5. Turning the New Statements into Beliefs.
    Now in Column 5, write down one small thing that you can do in the coming weeks to prove your new positive belief statement. This column can form the basis of your ongoing action plan to challenge your limiting beliefs repeatedly until they fade away and your new beliefs become the ‘truths’.

It really is incredibly powerful and liberating to realise that the negative things we think about ourselves are just habitual thought patterns that have no basis in reality. Their only substance has come from our supporting evidence collection over the years. What we haven’t done is collected evidence for the opposite of our beliefs even though it was out there. After all, it goes counter to human nature to collect evidence for something that we don’t believe !

Now that you understand this though, you can continue to build your evidence collection for your new positive belief statement. This won’t happen over night, it can take time to turn this statement into an actual belief but just know that it will become firmer as you create more opportunities to evidence it.

If you find this exercise difficult to do on your own then why not enlist the services of a Life-Coach or a Counsellor to help you.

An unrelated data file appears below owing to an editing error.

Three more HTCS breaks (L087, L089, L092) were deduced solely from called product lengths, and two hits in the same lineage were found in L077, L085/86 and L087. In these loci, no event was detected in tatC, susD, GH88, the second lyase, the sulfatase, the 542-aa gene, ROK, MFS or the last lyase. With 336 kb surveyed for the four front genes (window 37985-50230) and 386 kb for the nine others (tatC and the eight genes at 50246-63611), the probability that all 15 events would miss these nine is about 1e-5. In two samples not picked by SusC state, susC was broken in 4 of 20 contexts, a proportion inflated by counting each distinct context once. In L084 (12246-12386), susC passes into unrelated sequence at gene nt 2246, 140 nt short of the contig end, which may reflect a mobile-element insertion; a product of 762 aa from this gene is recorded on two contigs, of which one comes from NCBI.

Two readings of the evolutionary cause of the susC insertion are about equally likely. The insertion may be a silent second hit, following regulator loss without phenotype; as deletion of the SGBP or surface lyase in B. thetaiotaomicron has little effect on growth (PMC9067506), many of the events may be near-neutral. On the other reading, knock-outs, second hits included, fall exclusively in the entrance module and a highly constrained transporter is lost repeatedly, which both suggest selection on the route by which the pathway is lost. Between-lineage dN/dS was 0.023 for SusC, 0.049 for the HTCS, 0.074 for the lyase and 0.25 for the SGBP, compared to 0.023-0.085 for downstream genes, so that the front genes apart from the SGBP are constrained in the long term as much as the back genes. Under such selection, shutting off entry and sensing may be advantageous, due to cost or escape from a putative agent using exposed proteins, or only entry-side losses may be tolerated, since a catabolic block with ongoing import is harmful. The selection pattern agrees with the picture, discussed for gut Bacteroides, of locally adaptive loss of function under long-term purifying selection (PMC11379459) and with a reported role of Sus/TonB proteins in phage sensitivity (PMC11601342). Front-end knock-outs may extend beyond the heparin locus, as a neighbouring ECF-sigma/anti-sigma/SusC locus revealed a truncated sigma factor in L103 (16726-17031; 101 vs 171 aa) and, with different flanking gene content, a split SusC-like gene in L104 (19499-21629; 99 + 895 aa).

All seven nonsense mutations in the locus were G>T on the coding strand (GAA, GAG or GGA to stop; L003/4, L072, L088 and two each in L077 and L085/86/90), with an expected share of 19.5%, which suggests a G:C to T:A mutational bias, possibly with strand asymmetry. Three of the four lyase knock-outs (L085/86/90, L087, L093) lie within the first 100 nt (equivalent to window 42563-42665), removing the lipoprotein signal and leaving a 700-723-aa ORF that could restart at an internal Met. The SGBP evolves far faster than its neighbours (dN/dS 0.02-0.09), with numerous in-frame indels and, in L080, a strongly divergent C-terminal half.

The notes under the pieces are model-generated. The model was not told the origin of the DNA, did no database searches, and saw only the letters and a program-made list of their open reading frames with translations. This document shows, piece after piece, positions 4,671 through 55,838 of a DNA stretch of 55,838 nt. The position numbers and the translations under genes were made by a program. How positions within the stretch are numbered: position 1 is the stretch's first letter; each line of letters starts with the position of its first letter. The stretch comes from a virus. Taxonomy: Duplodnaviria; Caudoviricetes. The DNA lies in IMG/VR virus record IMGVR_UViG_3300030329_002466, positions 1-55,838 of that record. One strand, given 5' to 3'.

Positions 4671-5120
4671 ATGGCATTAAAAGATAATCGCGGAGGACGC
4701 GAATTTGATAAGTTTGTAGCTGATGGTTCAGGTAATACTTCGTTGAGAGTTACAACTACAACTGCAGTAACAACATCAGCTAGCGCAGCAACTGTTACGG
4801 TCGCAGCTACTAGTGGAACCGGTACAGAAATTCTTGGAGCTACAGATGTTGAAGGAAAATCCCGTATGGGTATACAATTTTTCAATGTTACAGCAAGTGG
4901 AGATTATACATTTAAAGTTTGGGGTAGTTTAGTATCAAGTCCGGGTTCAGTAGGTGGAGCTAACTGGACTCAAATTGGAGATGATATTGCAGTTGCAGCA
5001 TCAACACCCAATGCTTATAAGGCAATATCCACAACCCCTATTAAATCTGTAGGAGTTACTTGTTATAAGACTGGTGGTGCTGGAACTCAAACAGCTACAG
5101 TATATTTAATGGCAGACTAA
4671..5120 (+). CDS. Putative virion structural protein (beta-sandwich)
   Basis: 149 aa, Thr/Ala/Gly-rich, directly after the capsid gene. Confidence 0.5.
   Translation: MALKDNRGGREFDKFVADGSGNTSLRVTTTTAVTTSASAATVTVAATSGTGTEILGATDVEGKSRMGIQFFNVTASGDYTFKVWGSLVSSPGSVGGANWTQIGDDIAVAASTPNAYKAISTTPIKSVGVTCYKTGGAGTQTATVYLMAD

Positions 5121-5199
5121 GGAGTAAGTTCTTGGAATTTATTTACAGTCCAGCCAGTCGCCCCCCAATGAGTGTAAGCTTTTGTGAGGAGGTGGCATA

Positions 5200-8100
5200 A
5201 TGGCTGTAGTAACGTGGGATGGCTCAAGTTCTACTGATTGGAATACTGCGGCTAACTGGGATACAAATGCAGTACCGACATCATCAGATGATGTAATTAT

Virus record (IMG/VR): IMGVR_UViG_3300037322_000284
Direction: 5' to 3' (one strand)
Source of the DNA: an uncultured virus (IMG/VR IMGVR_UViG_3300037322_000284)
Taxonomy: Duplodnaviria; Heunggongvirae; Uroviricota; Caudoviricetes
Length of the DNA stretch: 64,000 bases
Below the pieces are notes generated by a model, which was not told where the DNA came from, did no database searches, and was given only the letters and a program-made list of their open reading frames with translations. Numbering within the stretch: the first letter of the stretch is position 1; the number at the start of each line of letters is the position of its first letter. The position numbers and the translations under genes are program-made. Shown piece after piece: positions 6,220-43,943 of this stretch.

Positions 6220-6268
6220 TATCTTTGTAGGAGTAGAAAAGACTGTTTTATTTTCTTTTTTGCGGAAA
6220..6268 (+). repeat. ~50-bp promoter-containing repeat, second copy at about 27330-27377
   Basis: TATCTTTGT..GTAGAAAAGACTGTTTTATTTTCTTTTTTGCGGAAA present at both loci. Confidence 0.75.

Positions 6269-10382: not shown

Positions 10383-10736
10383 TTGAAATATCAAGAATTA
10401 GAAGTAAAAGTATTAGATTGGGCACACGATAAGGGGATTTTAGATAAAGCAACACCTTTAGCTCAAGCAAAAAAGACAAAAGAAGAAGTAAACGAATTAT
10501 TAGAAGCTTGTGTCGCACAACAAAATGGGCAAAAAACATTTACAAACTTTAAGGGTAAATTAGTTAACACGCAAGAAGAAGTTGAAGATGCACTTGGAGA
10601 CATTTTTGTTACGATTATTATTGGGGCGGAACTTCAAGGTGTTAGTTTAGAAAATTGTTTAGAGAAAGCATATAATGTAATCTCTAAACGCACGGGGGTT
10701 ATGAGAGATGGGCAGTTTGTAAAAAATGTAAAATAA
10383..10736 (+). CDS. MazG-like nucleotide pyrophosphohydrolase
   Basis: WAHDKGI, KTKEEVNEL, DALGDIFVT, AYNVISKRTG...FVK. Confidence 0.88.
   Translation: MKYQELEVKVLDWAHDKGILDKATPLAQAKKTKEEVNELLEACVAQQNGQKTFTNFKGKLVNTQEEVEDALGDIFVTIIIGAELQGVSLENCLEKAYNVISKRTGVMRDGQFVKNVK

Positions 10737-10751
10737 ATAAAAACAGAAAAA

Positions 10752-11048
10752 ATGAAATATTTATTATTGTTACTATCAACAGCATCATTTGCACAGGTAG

I can be contacted at info@lesleygormanlifecoach.co.uk to arrange either a face to face or a telephone coaching session.

10 tips to Spring Clean Your Life

spring blossom

It’s Spring!

I realise that it might not look like it today but it really is.

Are you a Spring Cleaner? Do you get that urge to start clearing out and cleaning up after your winter hibernation?

History of Spring Cleaning

Spring Cleaning has a place in different religions and cultures throughout history.

Did you know that The Persian New Year falls on the first day of spring and everything in the house would be completely cleaned to welcome it in?

Catholics would ensure that the whole house was cleaned ready for Easter, for Good Friday and Jewish people would spring clean in readiness for Passover.

Prior to the invention of the vacuum cleaner, most people chose to wait until the warmer weather to throw open their windows and allow the winter dust and cobwebs to be blown away.

Spring Cleaning Your Life